Free-air CO2 enrichment effects on the energy balance and evapotranspiration of sorghum

J. M. Triggs, B. A. Kimball, P. J. Pinter, G. W. Wall, M. M. Conley, T. J. Brooks, R. L. LaMorte, N. R. Adam, M. J. Ottman, A. D. Matthias, S. W. Leavitt, R. S. Cerveny

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65 Scopus citations


Increasing atmospheric carbon dioxide (CO2) likely will affect future water requirements of most plants, including agricultural crops. This research quantifies such effects on the energy balance and evapotranspiration (ET) of sorghum (Sorghum bicolor (L.) Möench, a C4 grain crop) using a residual energy balance approach. During the summer and autumn of 1998 and 1999, sorghum was grown under free-air CO2 enrichment (FACE) conditions near Maricopa, Arizona. Latent heat flux (λET) was determined by subtracting soil heat flux (G0) and sensible heat flux (H) from net radiation (Rn) values in both Control CO2 plots (about 370 μmol mol-1) and FACE plots (Control + 200 μmol mol -1). Rn was observed using net radiometers. G0 was measured with soil heat flux plates at a depth of 10 mm, then corrected for heat storage above the plates. H was determined using measurements of air temperature from aspirated psychrometers, leaf temperature from infrared thermometers, and wind data from a three-cup anemometer. Both FACE and Control plots were divided into semicircular halves to allow a well-watered (Wet) treatment and a drought-stressed (Dry) treatment. This allowed comparisons of the FACE effect on ET in normal and water-stressed conditions. Under Wet conditions, FACE decreased λET by 13.8±1.8% in 1998, and 11.8±1.9% in 1999. Drought-stress resulted in a reduction in λET of 8.5±3.7% for the FACE treatments in 1998, but an increase in λET of 10.5±5.1% in 1999. When soil water was readily available, midday canopy temperatures in the FACE plots were increased by 1.47±0.09°C in 1998, and 1.85±0.20°C in 1999, indicative of increased stomatal resistance due to CO2 enrichment. These data suggest that soil water availability is a determining factor for the FACE effect. Water use efficiency (WUE) increased about 28% due to elevated CO 2 under Wet conditions due to a savings of water for about the same growth, whereas under Dry conditions it increased about 16% due to much greater relative growth on only a slightly higher amount of water.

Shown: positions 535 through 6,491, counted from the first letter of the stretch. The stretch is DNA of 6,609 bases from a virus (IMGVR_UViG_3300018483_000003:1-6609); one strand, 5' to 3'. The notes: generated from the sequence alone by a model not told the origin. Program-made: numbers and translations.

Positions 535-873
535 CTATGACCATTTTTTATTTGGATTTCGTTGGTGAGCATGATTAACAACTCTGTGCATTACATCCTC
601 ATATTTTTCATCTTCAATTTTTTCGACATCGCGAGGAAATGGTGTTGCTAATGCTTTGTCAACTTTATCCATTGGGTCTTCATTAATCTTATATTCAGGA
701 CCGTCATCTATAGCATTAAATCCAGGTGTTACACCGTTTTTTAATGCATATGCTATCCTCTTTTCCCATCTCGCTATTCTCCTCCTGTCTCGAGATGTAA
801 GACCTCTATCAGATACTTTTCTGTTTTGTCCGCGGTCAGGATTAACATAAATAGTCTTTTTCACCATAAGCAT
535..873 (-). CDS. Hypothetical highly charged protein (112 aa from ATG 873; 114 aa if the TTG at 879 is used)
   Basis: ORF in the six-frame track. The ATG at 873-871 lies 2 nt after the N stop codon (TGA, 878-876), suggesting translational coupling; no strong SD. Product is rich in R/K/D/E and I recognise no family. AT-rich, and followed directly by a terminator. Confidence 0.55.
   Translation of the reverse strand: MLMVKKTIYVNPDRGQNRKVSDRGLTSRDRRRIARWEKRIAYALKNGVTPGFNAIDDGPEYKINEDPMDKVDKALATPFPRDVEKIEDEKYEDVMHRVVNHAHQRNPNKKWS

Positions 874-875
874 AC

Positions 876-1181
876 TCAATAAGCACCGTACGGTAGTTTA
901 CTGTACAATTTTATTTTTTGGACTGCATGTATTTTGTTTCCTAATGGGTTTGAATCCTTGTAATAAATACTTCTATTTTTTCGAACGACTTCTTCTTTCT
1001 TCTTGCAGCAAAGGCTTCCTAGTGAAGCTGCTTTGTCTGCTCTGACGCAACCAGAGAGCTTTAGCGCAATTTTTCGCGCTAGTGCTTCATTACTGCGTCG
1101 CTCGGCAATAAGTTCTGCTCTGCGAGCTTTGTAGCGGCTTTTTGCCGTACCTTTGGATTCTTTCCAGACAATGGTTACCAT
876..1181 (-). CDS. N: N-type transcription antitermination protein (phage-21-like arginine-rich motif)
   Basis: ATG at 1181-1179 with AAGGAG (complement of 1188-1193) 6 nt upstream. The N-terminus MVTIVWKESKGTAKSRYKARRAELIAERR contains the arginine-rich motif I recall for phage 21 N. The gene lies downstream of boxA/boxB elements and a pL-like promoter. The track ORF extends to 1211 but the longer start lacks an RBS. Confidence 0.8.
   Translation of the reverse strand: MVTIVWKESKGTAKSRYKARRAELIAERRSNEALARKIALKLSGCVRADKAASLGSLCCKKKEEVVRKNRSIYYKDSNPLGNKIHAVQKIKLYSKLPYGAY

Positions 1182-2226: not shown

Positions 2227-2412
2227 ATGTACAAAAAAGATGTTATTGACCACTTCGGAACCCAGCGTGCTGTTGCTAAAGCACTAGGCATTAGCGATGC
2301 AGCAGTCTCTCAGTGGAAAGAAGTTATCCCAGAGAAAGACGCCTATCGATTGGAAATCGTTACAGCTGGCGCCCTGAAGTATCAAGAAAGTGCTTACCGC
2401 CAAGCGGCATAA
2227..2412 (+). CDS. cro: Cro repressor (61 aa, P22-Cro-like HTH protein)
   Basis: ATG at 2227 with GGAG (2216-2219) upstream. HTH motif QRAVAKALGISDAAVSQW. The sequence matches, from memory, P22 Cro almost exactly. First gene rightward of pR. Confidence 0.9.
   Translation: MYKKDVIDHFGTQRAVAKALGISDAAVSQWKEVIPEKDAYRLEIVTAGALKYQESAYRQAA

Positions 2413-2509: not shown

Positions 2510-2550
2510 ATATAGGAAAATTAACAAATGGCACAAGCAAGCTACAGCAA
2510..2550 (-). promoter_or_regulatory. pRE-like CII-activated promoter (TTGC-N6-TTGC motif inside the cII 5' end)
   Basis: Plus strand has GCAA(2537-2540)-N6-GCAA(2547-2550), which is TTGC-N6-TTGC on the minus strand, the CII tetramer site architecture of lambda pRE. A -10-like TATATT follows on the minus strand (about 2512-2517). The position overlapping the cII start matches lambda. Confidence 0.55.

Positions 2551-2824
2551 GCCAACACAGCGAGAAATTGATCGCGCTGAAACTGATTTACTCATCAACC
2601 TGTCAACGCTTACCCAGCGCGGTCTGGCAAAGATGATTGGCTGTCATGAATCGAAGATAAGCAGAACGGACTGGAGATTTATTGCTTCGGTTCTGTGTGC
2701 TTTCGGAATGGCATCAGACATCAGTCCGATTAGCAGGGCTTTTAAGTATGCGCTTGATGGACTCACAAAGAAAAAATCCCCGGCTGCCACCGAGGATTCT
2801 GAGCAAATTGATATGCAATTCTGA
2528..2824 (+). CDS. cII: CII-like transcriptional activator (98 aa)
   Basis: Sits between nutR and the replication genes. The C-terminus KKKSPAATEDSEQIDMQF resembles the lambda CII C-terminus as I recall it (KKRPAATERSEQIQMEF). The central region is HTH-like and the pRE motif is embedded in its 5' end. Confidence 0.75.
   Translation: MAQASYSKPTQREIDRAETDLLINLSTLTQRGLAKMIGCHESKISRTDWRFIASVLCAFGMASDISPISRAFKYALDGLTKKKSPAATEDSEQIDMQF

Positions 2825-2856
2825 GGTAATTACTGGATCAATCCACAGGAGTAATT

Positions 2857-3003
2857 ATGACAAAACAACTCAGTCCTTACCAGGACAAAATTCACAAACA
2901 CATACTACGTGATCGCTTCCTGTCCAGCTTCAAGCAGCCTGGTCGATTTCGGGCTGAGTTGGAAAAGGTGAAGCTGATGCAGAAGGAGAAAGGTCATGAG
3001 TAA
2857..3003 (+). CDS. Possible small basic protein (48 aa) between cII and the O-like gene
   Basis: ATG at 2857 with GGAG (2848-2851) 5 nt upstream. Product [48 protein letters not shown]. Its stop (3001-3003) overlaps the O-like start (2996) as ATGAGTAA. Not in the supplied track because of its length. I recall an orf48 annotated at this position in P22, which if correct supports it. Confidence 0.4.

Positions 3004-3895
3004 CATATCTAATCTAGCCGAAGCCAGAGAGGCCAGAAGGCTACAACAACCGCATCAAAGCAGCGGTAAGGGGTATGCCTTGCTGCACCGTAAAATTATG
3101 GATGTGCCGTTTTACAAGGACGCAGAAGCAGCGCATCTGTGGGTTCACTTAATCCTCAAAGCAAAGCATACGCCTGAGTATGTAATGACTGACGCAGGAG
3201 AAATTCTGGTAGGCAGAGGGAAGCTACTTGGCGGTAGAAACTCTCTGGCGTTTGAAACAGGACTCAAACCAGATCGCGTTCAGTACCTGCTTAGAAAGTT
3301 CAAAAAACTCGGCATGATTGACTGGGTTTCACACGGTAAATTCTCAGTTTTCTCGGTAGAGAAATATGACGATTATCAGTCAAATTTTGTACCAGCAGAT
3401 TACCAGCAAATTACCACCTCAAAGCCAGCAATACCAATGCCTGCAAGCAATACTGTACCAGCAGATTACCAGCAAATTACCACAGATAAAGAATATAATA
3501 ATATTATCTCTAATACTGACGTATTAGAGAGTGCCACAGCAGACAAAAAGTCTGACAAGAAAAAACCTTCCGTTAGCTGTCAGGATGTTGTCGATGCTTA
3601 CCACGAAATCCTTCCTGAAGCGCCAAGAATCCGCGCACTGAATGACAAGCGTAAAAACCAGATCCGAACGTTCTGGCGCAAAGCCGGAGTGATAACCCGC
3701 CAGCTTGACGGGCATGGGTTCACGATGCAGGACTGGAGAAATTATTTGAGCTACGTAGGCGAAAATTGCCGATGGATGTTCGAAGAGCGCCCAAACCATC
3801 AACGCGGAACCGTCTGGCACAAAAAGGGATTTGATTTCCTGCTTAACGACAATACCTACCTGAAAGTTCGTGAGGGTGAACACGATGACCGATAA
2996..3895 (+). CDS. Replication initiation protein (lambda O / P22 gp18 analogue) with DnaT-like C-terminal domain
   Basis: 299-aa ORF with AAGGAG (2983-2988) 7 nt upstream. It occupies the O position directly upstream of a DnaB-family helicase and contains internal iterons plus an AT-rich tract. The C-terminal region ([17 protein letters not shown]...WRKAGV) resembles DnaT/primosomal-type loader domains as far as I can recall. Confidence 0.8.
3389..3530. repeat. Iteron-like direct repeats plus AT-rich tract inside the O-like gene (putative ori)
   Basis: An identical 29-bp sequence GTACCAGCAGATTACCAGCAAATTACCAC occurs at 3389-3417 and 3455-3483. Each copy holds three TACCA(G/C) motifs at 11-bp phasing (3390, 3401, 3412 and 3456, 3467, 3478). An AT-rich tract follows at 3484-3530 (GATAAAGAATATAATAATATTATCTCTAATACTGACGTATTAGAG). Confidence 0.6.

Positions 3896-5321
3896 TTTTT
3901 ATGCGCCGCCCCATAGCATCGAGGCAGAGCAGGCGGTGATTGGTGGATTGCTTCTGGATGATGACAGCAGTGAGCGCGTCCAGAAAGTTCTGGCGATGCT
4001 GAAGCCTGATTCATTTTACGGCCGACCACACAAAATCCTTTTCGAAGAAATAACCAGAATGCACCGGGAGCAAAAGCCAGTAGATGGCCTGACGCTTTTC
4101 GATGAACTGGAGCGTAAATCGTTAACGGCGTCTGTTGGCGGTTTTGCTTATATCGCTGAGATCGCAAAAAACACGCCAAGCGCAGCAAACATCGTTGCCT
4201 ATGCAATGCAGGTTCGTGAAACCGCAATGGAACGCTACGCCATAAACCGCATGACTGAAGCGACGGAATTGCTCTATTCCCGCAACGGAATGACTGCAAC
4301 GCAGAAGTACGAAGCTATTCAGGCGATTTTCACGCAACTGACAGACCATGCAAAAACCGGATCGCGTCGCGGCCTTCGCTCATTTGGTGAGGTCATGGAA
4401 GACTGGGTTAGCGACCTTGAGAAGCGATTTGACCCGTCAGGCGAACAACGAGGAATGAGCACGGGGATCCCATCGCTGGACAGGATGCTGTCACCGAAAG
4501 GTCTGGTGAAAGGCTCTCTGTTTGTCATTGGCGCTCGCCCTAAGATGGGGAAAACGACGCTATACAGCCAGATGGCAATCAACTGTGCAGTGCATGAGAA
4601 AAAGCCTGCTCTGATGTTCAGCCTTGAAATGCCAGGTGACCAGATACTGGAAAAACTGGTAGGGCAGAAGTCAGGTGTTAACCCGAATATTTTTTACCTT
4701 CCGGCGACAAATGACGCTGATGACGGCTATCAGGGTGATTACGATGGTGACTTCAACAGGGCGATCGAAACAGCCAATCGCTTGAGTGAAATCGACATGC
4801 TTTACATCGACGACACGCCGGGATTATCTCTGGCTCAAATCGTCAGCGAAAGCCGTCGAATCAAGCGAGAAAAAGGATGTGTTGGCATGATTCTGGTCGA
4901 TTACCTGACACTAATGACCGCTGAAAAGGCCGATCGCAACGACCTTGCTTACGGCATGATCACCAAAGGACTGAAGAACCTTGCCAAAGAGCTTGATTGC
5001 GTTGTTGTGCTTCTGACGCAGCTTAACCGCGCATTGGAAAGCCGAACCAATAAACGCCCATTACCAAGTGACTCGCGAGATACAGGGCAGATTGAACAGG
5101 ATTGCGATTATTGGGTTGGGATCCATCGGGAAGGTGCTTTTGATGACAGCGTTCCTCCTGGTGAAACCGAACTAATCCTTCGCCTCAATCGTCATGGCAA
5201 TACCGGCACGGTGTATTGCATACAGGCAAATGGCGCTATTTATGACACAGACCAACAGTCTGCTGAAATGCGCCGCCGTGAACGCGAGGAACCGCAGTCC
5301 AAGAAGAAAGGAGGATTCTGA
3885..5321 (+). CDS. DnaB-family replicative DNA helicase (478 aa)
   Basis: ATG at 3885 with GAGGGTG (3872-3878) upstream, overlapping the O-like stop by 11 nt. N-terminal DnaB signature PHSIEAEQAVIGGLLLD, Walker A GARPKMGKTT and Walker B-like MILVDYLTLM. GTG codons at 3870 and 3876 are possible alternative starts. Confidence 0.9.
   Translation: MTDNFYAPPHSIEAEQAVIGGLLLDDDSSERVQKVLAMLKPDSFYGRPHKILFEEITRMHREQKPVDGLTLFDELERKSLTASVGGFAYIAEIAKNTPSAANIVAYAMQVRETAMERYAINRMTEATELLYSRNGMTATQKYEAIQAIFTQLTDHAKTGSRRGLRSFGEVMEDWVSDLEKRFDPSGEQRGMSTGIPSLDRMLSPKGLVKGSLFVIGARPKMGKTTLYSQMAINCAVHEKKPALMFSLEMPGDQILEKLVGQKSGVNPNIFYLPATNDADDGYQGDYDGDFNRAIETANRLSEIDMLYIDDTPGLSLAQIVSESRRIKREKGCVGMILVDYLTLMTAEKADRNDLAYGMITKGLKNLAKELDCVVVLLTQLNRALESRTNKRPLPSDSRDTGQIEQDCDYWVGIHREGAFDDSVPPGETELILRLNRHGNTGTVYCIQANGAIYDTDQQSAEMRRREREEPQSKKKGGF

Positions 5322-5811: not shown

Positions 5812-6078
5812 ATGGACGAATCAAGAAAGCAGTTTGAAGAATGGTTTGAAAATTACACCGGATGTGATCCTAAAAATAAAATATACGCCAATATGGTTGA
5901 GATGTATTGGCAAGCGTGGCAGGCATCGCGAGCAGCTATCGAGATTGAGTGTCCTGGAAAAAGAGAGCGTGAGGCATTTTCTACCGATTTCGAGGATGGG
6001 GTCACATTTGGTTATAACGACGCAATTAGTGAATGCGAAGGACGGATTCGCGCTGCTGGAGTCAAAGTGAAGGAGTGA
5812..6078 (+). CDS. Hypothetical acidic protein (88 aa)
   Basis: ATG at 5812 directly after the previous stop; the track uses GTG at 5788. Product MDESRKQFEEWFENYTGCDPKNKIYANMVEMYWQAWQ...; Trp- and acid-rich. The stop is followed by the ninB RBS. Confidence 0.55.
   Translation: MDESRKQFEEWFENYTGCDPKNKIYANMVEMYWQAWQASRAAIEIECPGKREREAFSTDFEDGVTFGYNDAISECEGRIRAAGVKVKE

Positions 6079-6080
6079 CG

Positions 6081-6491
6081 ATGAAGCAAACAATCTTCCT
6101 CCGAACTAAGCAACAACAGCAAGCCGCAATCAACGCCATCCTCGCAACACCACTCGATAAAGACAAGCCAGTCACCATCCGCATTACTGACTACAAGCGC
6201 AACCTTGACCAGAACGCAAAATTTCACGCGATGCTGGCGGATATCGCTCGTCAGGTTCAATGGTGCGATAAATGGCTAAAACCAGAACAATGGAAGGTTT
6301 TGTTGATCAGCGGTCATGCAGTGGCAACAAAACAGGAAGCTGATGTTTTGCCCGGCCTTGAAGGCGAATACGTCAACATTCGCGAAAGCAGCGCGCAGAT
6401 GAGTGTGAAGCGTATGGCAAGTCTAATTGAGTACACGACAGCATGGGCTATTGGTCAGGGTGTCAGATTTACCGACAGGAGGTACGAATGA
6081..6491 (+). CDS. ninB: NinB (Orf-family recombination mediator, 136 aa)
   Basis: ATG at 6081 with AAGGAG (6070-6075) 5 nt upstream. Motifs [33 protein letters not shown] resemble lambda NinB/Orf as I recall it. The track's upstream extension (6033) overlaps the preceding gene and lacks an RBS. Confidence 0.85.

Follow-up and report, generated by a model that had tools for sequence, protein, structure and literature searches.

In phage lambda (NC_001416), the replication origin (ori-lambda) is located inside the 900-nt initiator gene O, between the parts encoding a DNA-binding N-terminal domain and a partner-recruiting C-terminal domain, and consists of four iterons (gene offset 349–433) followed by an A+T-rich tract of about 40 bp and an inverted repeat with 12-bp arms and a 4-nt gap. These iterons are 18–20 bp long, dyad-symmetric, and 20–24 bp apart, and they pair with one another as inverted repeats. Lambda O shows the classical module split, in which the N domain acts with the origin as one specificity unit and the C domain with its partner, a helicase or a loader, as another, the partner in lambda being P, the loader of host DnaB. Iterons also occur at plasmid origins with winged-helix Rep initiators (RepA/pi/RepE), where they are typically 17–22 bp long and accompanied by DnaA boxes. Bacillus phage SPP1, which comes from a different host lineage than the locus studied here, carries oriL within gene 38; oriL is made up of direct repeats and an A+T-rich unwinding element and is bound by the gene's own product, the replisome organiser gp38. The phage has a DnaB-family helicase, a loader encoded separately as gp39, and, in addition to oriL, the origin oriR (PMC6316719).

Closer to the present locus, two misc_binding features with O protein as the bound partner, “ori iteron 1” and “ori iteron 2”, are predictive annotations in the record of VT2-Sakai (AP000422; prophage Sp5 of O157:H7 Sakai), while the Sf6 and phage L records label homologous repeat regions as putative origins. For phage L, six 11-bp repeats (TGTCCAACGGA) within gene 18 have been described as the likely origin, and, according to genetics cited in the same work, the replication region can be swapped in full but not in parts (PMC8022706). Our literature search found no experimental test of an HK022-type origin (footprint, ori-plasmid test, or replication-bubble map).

Original languageEnglish (US)
Pages (from-to)63-79
Number of pages17
JournalAgricultural and Forest Meteorology
Issue number1-2
StatePublished - Jul 20 2004


  • CO
  • Climate change
  • Energy balance
  • Evapotranspiration
  • Micrometeorology
  • Sorghum
  • Sorghum bicolor

ASJC Scopus subject areas

  • Forestry
  • Global and Planetary Change
  • Agronomy and Crop Science
  • Atmospheric Science


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